Cyan Azure 🎨 RGB Color Code: #4E82B4
The hexadecimal RGB code of Cyan Azure color is #4E82B4. This code is composed of a hexadecimal 4E red (78/256), a 82 green (130/256) and a B4 blue component (180/256). The decimal RGB color code is rgb(78,130,180). Closest WebSafe color: Blue Gray (#6699CC)
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Cyan Azure on Wikipedia
Azure (/ˈæʒər, ˈeɪʒər/ AZH-ər, AY-zhər, UK also /ˈæzjʊər, ˈeɪzjʊər/ AZ-ewr, AY-zewr) is the color between cyan and blue on the spectrum of visible light
RGB color wheel, "azure" (hexadecimal #0080FF) is defined as the color at 210 degrees, i.e., the hue halfway between blue and cyan. In the RGB color model
azure than cyan. If the visible spectrum is wrapped to form a color wheel, cyan (subtractive primary) appears midway between blue and green, or azure
Cyan (/ˈsaɪ.ən, ˈsaɪˌæn/) is the color between green and blue on the visible spectrum of light. It is evoked by light with a predominant wavelength between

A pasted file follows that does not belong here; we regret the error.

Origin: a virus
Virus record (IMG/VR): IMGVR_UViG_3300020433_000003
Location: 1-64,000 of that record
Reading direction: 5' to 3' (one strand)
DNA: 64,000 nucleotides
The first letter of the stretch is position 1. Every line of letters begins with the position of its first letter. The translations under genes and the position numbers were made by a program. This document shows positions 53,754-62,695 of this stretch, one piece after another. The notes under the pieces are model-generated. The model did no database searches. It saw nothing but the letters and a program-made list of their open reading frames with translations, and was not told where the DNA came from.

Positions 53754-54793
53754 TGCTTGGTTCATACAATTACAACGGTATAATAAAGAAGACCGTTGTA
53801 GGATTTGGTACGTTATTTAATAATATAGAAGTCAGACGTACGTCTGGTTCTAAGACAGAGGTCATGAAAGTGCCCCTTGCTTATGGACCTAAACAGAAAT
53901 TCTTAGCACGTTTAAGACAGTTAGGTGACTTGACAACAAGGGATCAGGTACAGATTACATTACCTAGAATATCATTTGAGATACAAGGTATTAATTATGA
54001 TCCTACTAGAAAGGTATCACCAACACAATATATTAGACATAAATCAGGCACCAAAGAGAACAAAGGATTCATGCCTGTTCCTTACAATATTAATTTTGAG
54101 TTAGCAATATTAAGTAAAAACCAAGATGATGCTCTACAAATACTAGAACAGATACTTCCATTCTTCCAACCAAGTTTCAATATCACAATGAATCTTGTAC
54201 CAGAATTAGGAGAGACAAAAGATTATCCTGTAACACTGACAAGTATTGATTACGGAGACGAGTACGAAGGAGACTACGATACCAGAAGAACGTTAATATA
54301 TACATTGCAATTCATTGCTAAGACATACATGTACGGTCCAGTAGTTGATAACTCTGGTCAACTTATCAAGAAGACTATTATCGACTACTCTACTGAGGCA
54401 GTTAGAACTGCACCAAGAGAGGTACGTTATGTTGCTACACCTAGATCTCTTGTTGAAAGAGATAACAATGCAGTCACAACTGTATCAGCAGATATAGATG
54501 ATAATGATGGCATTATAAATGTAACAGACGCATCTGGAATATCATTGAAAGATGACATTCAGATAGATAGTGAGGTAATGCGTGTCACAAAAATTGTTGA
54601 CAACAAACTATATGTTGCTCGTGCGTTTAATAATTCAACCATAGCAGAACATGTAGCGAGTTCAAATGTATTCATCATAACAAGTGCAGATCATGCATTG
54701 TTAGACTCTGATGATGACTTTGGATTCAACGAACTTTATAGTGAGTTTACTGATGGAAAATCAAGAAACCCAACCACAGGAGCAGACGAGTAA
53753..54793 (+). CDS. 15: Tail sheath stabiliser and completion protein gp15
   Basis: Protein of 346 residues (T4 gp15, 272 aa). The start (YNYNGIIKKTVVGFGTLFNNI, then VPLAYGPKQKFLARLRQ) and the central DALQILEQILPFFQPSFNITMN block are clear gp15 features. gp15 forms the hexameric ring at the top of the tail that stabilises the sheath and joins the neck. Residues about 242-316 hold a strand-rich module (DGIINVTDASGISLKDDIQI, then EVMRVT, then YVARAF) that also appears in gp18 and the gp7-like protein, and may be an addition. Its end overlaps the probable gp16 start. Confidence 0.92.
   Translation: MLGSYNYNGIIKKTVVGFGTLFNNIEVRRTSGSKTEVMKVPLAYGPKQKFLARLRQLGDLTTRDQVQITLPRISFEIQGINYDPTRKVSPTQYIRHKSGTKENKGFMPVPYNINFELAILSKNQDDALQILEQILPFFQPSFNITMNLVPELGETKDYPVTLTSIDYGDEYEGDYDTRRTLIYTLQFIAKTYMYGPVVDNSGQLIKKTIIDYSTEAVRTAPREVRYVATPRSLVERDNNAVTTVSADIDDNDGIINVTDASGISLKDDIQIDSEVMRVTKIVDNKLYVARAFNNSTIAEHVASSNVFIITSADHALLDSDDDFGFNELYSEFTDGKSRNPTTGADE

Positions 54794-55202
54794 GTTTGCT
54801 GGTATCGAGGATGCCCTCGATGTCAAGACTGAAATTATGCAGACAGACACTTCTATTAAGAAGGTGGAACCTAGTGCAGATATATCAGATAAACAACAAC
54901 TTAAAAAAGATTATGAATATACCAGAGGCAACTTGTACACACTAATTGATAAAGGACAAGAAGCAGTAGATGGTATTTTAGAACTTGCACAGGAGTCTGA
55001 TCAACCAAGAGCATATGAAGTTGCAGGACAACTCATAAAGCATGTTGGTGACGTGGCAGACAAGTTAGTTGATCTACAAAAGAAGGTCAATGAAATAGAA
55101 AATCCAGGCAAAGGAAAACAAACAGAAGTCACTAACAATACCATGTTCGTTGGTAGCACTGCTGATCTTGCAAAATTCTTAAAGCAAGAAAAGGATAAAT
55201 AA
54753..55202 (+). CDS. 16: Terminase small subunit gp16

primary colors of light. The secondary colors in an RGB color wheel are cyan, magenta, and yellow because these are the three subtractive colors—the primary
The CMY color model is a subtractive color model in which cyan, magenta and yellow pigments or dyes are added together in various ways to reproduce a broad
Displayed at right is the colour vivid sky blue. Deep sky blue is an azure-cyan colour associated with deep shade of sky blue. Deep sky blue is a web
180–181°/100% 25% Teal, 27% Dark Cyan, 41% Dark Turquoise, 50% Aqua / Cyan, 94% Light Cyan, 97% Azure 240°/100% 25% Navy Blue, 27% Dark
21st century, this hue is classified as an variation of azure that is on the border of cyan. The color defined as blue in the Munsell color system (Munsell
color (a shade of cyan, magenta or yellow). A secondary color is formed by the sum of two primary colors of equal intensity: cyan is green+blue, magenta
Use the palette to pick a color or the sliders to set the RGB, HSV, CMYK components. Search for a color by its name in the list containing more than 2000 names.
There are many ways to mix/generate a color. Computer screens display the required color mixing tiny red, green and blue lights (RGB). Turning off all three components results in a black pixel, while if all components are lit up on full brightness that results a white light.
In print we use cyan, yellow, magenta and black (CMYK) inks because usually we print on a white paper. In this case the lack of the ink will result white paper, and we get a dark shade if more colors are mixed together. We can also define a color by hue, saturation and value (HSV).